Ankle boots still make the fashion grade this winter – even in Muscat

Where do you shop internationally? My favourite shopping destination is Italy, specifically Milan or Rome. These cities have a fantastic selection of everything on trend. Tell us your ultimate insider secret? Buy the best bag, shoes and watch you can afford - save up if need be. You can get away with chain store clothing if your accessories are high end.




I’ve noticed a lot of Ys fashion columns recommend daytime bling. Is it okay to wear jewels before 7pm? If so, how should they be worn? Katie B, Muscat (via email)


It depends on how you define jewellery. Statement pieces that are large and eye-catching can certainly be worn during the day but only with a minimalist outfit. Designer layering can be striking too but a little complicated for the uninitiated. Don’t wear real gems because

they look ostentatious. High street stores like H&M (photographed), Splash and Zara have some really stunning necklaces at prices that won’t break the bank. My sparkles (photographed above) are from a French boutique. Alternatively, if you want to be a little different, get your costume jewellery made from local craftspeople. Wear them with a simple shift or a t-shirt. The secret of getting away with high-octane jewellery before darkness falls is balance. Do you have a query for Barbra? Email her on

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NOV 28 - DEC 04 / ISSUE 296

Health H ealth

BF eauty a s h i o n F aB se ha iu ot ny

Health H ealth

BF eauty a s h i o n F aB se ha iu ot ny


THE EAST Penny Fray and Barbra Young meet the designer determined to put Oman on the fashion map with her modern interpretation of the abaya


orget about the French. Moving in a haze of black chiffon and expensive perfume, Omani women exude a certain exotic elegance. But even in the Sultanate there are some who just do it better than others, those who look effortlessly chic and totally relevant despite the modesty of their garb. Reem Noor al Zadjali is one such lady. Favouring her own brand of style, and never bowing to Western fads, the former lawyer looks as though she’s about to become someone special on the Gulf fashion scene. When we first meet, she is standing in the middle of a gaggle of designer clad women from several different countries – a good place to be for someone who wants to conquer the international market with her label The House of Reem. She is wearing one of her own abayas, accessorised with fierce gold jewellery - spiked bangles and a statement pendant. There’s even a flash of leopard print Louboutin shoes underneath her black abaya. The look is distinctly modern yet traditional, the exact effect she wants to showcase in her designs. Her inspiration comes from travelling around the world from a young age as well as a love of culture, art and fashion. “My target customer is the strong Omani lady,” she explains. “It doesn’t matter whether she works or stays at home so long as she wants to make a statement. Of course, every woman wants to go higher and higher, so eventually I’d like to work internationally.” Despite being a trained lawyer, the mother-of-two is eager to display her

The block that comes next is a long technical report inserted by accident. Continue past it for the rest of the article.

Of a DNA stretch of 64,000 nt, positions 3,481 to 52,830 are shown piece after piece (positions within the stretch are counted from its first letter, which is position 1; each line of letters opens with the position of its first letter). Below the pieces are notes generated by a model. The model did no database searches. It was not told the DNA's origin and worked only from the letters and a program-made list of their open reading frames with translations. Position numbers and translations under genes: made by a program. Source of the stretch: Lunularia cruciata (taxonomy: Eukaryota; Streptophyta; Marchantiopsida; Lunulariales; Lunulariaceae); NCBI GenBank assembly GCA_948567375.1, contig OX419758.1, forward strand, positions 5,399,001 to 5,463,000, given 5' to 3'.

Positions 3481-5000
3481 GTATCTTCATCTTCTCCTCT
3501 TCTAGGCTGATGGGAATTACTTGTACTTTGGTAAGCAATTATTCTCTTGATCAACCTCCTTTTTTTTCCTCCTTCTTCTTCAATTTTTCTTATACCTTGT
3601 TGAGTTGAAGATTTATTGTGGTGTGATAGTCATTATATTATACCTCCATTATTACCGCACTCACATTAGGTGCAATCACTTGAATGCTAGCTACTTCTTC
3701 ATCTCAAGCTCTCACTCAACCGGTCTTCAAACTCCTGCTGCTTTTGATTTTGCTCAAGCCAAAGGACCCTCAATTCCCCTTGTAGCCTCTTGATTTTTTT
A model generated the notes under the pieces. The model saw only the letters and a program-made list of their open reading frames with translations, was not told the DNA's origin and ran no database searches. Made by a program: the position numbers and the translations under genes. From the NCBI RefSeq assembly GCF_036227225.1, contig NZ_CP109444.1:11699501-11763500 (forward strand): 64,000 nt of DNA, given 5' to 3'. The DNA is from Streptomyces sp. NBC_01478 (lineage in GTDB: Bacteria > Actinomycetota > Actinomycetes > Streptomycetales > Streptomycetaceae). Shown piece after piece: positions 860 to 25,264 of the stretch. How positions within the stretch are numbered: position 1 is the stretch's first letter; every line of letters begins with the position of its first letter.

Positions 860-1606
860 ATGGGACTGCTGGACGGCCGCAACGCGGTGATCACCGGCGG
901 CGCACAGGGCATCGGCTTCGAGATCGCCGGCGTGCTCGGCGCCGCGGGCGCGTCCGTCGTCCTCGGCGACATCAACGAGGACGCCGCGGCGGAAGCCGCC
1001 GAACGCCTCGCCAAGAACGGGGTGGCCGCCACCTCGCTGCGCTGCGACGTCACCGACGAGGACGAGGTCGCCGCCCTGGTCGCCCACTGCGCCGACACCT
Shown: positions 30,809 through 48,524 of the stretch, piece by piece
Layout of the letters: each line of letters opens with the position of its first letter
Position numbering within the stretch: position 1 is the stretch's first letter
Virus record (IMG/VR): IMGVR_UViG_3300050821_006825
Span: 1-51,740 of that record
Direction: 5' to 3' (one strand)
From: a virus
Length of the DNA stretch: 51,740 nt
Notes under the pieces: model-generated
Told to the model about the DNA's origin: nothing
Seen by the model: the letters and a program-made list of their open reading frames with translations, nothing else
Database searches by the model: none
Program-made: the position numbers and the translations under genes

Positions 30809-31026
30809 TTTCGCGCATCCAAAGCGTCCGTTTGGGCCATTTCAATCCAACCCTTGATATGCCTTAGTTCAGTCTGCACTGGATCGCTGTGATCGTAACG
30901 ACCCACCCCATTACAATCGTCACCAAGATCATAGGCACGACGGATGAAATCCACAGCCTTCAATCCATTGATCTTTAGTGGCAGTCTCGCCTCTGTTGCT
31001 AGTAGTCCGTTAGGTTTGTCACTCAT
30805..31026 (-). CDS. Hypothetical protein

creative talent while helping other women express themselves. “In today’s fast paced world women have become part of mainstream society,” she says. “They are educated, smart and independent, so abayas should evolve from a cultural statement into a personal statement.” As a lawyer for a private Omani firm, Reem found it hard to find clothes that were practical and modern at the same time. She had an image of herself looking smart and strong in and out of court. “But I couldn’t find an abaya that reflected me as an individual,” she says. As a result she designed her own collection of abayas and realised she had a flair for design when her friends and family asked her to create pieces for them too. “Soon after I enrolled myself in a fashion design course in Milan, and later a course in London,” she says. “I wanted to do this properly, so I learnt about everything from pattern cutting to fabrics.” Today, marrying practicality with panache is important to her, that’s why she uses materials that stay wrinkle free, even after hours of wear. “I’d describe my collection as modern yet traditional with a clear silhouette,” she adds. “Most of the pieces are free size but I couture them for the customer. I like creating pieces that reflect the wearer’s personality, so I’ll adapt the design to their needs.” It’s a learning process and one that is dictated by her customers’ desires as well as an adherence to her own brand values. It’s a real balancing act. “I’ve tried to put more colour into my pieces but it’s a process,” she says. “Women here aren’t ready for it yet.”

The shades I choose now depend on the seasons but on the whole I try to keep things subtle. I want my clothes to be recognised for being elegant, modern and well cut.” Despite her recent launch on National Day, she’s already in demand. “My pieces are currently exclusive to Eye Candy Boutique because it fits nicely with my brand,” she concludes. “But I get a lot of orders from all over the Gulf via the Internet.” She knows it’s a tough industry but she is still determined to put Oman on the fashion map. And judging from the steely glint in her eye, we think she’ll make it.

STREET STYLE Name: Joana Sá OCCUPATION: graphic design lecturer Wearing: “My style tends to be low-key luxe. I read Y MagazinE and find ideas on the fashion pages. Today, I’m wearing clothes from Zara, accessorized with Charles & Keith shoes and a Bimba & Lola bag.” Spotted at: Opera Galleria

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My Hood





Be captivated by the story of the ‘Atlantis of the Sands’ and the search for the fabled city of Ubar

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My Hood




The search for thIS ancient city has fascinated explorers for years but is Shisr truly the right place? Jerzy Wierzbicki went to find out


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travel guide